Filles Marier
Before the Filles du Roi, the Filles Marier were women that came to Canada, or New France, in the years 1634-1662. The first few years, girls arrived in numbers fewer than 3. They were sponsored by individuals that had to account for their morality and honesty. In later years, they began to come in groups, or greater numbers per year, with 37 being the most in one year - 1662. Few of the women who came to New France had relatives living there. Most came with to escape life in France - poverty, arranged marriages. Unlike the Filles du Roi, they were not recruited, were not given a dowry. However, they had the freedom to marry whom they chose, make a life of their own. In the nearly 30 year period that an effort was made to send marriageable girls to New France, 262 are considered to be Fille Marier.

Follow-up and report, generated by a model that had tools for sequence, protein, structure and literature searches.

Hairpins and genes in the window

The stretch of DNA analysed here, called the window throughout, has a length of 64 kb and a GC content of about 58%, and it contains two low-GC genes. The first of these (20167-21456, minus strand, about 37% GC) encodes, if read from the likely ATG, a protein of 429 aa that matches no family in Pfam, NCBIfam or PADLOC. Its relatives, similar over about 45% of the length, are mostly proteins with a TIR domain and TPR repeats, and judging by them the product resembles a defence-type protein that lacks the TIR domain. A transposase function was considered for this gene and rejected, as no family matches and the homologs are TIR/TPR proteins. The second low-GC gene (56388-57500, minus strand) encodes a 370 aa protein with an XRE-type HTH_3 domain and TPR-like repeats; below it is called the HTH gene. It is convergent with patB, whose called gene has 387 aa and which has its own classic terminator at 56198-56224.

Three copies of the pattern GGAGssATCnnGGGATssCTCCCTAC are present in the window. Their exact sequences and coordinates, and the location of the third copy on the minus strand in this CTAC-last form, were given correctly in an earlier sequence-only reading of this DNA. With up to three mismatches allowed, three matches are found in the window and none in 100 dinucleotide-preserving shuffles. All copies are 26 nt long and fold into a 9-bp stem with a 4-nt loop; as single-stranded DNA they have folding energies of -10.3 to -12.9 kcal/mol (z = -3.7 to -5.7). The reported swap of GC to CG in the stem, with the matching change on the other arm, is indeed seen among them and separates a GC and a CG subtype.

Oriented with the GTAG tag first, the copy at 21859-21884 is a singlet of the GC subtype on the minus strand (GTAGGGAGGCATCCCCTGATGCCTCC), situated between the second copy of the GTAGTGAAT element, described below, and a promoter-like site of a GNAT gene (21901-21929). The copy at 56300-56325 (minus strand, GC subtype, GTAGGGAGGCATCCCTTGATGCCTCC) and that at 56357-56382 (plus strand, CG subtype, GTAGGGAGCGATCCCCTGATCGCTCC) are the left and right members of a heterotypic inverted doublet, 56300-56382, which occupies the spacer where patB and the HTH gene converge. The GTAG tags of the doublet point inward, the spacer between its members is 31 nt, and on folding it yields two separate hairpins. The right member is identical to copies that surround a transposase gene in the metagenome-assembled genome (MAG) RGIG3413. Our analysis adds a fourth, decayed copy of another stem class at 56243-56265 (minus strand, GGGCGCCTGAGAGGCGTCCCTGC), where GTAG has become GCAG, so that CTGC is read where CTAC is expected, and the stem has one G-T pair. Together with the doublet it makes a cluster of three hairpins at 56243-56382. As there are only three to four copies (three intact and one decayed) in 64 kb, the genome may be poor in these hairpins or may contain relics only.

Filles du Roi

The Filles du Roi, or King's Daughters, were some 770 women who arrived in the colony of New France (Canada) between 1663 and 1673, under the financial sponsorship of King Louis XIV of France. Most were single French women and many were orphans. Their transportation to Canada and settlement in the colony were paid for by the King. Some were given a royal gift of a dowry of 50 livres for their marriage to one of the many unmarried male colonists in Canada. These gifts are reflected in some of the marriage contracts entered into by the Filles du roi at the time of their first marriages.

The Filles du roi were part of King Louis XIV's program to promote the settlement of his colony in Canada. Some 737 of these women married and the resultant population explosion gave rise to the success of the colony. Most of the millions of people of French Canadian descent today, both in Quebec and the rest of Canada and the USA (and beyond!), are descendants of one or more of these courageous women of the 17th century.